Acadiana Animal Aid has issued an update on their operations, and asked people to continue to support their mission to save lives.
"As we all strive to keep up with the changing news about COVID-19, one thing remains clear — our community continues to inspire us. Since closing to the public in mid-March, we have been overwhelmed by the dedication of our staff, volunteers, and community of supporters who have stepped up to help us develop innovative ways to continue saving lives," said Jeanine Foucher, Executive Director. "As we wait for the green light to return to normal operations, our top priority will remain focused on the lives of our shelter pets and our community — the people who have championed our cause for more than 45 years."
Here's a list of some of the changes they've made:
From Shelter to Foster
"Closing our shelter to the public meant we had to find foster homes for our animals and FAST. We reached out to the community and the response was incredible. More than 150 people volunteered to foster cats and dogs in our care and within a few days, we had most of our pets in foster homes. Today, 95% of our dogs and 50% of our cats are living it up in loving households, awaiting their adoption day," Foucher says.
A New Way to Adopt
"The rollout of Acadiana Animal Aid's new adoption-by-appointment system keeps our mission in focus - saving shelter pets until they all have a home. Potential adopters complete an online application and an adoption coordinator calls to have an in-depth conversation about the pet’s behavior, medical and transfer history," Foucher says. "Detailed profiles from our amazing foster families help our adoptions team facilitate ideal matches. Adopters then meet with our coordinators at an on-site adoption pick-up spot. Pets are placed in crates or carriers to facilitate minimal contact during transfer. This process keeps people safe while bringing pets and their new families together."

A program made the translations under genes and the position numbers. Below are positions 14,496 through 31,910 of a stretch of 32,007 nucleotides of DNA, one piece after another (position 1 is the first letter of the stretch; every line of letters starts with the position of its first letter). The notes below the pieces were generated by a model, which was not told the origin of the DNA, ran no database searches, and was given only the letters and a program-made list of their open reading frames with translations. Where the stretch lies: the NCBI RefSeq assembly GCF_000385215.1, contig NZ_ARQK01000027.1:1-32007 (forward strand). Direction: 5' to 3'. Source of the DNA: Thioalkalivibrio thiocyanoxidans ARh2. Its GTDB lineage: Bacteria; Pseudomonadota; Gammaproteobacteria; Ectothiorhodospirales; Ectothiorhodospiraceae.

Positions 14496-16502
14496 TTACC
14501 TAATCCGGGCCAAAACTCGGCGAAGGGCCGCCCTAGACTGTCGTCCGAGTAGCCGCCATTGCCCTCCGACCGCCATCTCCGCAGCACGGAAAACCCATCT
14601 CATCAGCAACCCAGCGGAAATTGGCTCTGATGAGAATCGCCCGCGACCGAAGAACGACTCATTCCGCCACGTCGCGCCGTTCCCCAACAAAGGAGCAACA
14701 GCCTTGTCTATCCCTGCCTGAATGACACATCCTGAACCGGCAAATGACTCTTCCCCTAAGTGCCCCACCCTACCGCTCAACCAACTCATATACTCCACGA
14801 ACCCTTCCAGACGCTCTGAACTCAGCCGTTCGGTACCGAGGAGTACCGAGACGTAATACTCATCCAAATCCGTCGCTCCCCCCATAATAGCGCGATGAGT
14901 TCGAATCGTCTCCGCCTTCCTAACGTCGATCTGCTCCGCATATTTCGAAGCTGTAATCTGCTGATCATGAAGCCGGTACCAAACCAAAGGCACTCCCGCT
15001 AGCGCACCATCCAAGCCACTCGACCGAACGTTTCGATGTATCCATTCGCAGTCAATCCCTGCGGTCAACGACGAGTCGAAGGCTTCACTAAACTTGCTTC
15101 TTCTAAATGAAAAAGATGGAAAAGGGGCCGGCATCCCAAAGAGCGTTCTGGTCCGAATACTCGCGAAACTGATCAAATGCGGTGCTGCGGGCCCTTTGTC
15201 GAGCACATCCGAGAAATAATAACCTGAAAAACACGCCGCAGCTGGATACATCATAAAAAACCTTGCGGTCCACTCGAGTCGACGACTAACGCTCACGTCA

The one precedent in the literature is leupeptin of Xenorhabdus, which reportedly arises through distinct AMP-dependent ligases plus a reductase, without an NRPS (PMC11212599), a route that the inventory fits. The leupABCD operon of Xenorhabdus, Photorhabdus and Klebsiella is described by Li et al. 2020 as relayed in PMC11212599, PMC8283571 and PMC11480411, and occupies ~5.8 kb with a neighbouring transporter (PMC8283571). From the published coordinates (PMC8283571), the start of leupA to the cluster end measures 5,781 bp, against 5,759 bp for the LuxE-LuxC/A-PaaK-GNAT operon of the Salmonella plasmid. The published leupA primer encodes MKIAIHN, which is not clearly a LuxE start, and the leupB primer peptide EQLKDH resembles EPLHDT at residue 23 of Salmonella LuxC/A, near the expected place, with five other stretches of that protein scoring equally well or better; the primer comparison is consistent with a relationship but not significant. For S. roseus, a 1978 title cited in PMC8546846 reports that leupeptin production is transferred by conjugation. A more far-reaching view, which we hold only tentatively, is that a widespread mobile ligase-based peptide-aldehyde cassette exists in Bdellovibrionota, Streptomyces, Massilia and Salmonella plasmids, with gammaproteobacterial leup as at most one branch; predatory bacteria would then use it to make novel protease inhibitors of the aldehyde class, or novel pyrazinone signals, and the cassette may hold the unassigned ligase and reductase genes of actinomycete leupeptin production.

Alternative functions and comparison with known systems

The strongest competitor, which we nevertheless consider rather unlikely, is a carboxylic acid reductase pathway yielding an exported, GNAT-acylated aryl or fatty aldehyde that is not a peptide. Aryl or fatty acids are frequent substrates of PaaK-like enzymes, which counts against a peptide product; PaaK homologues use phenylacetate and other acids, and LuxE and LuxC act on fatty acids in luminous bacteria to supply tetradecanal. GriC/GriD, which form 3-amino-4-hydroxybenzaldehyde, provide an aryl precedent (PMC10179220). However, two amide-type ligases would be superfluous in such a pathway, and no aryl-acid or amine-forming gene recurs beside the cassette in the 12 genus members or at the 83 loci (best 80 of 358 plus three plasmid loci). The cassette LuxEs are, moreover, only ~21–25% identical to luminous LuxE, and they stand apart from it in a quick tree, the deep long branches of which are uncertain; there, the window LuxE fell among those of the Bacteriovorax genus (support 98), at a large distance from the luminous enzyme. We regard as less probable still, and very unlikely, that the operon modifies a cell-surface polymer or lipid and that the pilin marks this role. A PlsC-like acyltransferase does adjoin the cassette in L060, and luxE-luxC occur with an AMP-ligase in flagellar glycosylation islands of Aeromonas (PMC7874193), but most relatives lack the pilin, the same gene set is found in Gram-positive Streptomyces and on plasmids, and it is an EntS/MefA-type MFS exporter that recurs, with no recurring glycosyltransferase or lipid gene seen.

Still Helping Animals in Need
"Acadiana Animal Aid remains one of only a few shelters facilitating adoptions in South Louisiana. On a weekly basis, we transfer in animals at risk of euthanasia from municipal shelters in our region. Today, we received 24 new arrivals from Ouachita Parish to assist Monroe area shelters and rescues that were hit hard by tornadoes on Sunday," Foucher says.
Emergency Pet Food Relief
GreaterGood.org has given Acadiana Animal Aid an emergency pet food grant. At the end of April, AAA will be working with the Pet Food Pantry of Lafayette to distribute over 20 palettes of pet food for area shelters, rescues, and people in need.
"Getting through a crisis like this — helping both animals and pet families in need — takes commitment and a compassionate community. Thank you for continuing to support Acadiana Animal Aid and the animals and people we serve," Foucher says.